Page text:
I need help with choosing what current diode I need to use for the following circuit diagram I have below.
I am currently using 60V 1 A diodes and they seem to be working just fine as a current pass through for when the switches are activated. However, since the motor is rated up to 21 Amps, I am unsure if this 1 A diode will work in the long run even though the system only passes electricity through the diode when the limit switch is open which happens for a split second when the switch is actuated.
The motor above will be used to drive a linkage that will have a varying load on the motor between 100 - 250 lbs. upon using an ampmeter on where the diode goes, the maximum ampere readings i seem to be getting seem to be at 5 Amps.
Here is some additional detail on the motors we are using.
Hello hobyist, Welcome to the DigiKey TechForum.
If you want to use a little higher rated diode, you can look at P600A-E3/54GICT-ND, which is rated for 50V, 6A.
Maybe one of the Engineers can add to this post, on what they feel would be good in this circuit.
This is an interesting question as we are working to balance long term reliability with cost.
As an example, consider the 1N1200A diode. Provided it is properly cooled, it has a continuous forward current of 12 A. It also has a surge current of 240 A. I suspect the diode you are using has similar characteristics allowing it to absorb the motor’s 21 A starting current.
Here is where you must make a judgment call. If your design enters production, there will be a time when a customer accidentally blocks the mechanism and then activates the motor. For example, the mechanism may be fully extended, and a safety pin installed to prevent movement. In this situation your motor will be at full current for an extended period of time. In this situation, something is going to break. It could be the diode, a melted switch or relay contacts, the power supply, or the motor.
What I’m trying to say is that you need to design for the worst-case situation. May I recommend you start by installing a 10 to 15 A fuse or circuit breaker. This would generally accommodate the initial motor starting surge while provide protection for the other components.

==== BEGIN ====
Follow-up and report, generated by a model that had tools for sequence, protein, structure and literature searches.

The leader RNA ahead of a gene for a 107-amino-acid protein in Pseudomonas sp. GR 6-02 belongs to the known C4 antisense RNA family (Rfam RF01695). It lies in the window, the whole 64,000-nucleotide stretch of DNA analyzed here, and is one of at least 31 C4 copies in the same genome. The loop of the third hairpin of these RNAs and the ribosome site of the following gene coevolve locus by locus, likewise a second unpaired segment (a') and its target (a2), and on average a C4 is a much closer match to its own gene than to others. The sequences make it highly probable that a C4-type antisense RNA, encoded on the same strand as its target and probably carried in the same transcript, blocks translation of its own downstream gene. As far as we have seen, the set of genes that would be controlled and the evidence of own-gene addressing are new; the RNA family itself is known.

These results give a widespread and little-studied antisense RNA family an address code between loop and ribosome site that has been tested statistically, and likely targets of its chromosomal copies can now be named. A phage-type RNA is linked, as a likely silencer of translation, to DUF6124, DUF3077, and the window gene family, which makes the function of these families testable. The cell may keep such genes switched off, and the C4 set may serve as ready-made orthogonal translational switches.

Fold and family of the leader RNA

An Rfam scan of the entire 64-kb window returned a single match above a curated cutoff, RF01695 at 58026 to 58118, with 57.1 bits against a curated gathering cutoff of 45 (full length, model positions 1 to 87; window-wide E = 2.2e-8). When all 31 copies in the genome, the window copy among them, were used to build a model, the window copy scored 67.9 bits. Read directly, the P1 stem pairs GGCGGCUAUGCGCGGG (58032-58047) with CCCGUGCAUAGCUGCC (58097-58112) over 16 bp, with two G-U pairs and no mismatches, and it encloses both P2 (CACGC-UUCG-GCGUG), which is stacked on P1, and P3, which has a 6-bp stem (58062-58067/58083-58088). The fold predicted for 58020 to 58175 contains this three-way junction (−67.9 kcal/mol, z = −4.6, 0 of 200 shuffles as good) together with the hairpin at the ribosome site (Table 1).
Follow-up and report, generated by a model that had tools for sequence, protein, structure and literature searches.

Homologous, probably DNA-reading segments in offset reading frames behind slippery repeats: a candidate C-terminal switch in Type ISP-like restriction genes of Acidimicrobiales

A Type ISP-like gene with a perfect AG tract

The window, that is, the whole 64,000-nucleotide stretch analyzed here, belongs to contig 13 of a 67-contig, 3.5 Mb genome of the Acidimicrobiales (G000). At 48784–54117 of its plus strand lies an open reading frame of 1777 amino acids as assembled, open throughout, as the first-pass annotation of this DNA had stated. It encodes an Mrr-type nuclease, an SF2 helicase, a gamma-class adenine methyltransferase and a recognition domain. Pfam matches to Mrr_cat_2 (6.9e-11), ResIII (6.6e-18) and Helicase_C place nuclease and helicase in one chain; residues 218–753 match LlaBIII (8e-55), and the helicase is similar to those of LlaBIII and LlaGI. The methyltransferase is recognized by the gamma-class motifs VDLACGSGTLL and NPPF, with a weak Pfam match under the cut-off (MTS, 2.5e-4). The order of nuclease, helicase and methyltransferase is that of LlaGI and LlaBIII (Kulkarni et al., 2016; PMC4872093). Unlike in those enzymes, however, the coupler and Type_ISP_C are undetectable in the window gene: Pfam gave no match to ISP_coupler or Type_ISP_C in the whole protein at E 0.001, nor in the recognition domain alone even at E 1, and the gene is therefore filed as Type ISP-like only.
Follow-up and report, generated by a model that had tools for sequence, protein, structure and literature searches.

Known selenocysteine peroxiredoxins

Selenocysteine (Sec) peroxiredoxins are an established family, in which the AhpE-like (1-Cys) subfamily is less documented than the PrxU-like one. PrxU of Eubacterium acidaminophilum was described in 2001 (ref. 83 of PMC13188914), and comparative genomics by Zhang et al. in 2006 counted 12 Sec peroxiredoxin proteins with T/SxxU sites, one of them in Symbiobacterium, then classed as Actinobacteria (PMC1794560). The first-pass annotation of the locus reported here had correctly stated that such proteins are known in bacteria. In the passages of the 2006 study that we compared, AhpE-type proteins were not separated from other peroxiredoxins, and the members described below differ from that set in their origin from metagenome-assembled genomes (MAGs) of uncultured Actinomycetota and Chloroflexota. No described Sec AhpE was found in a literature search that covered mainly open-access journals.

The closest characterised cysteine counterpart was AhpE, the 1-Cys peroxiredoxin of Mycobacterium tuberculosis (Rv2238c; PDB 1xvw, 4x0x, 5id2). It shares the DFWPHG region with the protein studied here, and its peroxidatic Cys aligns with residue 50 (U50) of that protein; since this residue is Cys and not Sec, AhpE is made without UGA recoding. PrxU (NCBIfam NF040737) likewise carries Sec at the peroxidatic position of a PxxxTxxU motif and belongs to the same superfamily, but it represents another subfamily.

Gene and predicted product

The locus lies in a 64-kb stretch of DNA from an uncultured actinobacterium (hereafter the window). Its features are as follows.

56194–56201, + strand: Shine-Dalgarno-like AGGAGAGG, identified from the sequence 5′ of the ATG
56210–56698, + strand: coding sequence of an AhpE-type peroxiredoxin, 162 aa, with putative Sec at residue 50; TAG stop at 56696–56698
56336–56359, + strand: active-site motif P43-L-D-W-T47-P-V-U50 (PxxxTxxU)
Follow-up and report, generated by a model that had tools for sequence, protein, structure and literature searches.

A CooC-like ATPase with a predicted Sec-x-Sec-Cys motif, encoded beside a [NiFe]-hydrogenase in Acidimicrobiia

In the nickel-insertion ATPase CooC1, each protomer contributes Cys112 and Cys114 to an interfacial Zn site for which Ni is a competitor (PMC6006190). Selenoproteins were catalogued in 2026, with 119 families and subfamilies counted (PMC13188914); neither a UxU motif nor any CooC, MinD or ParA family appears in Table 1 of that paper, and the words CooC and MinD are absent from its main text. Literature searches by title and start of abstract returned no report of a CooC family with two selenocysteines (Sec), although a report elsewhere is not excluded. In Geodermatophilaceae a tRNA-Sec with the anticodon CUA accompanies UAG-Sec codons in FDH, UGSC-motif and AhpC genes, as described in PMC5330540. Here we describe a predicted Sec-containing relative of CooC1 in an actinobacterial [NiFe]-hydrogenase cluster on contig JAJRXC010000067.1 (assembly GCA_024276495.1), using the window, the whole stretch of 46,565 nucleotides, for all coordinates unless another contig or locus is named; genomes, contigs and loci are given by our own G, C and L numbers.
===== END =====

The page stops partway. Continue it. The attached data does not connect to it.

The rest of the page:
With that said, how robust are your rocker and limit switches? Can they handle the high current associated with a mechanically blocked system? If not, consider using a pair of relays to activate the motor. You can then use smaller wires for the control circuitry. This would eliminate the need for high current steering diodes.
Please let us know if we can assist in the future.
P.S. Note that there are two distinct diodes with the same specification: 1N1200A and 1N1200AR. The difference is the polarity. With A has cathode as stud while the AR model has anode as stud. This flexibility may help simplify your design.
P.P.S. In this note I have assumed your power supply can provide 20 A for a brief amount of time. If you are using a fuse or circuit breaker, be sure that the power supply can provide enough current. It’s important that the fuse open in a high current situation. If not, we will find ourselves in the undesirable situation where the power supply protects the fuse.
Considerations of continuous vs momentary carrying capacities are relevant and worthy of study, but in this case might a more expedient solution be available by omitting the diodes and changing the placement of the limit switches?
That’s a much better solution.
Thank you, Rick.
Thank you for the suggestion and explanation on the potential issues down the road. The diode we are currently using is actually just a 1amp diode and it somehow seems to be working fine with the starting surge of the motor.
it looks like the solution of eliminating the diodes all together would be a much better solution in terms of price so I will try look into doing that first.
Yes, @rick_1976 had the better solution - I was so excited about explaining diodes that I never thought to simplify the design. At the same time, I really like your thinking as the diode / switch placement is a good way of illustrating the current flow in the circuit.
Please let us know if you were successful. Pictures are especially welcome.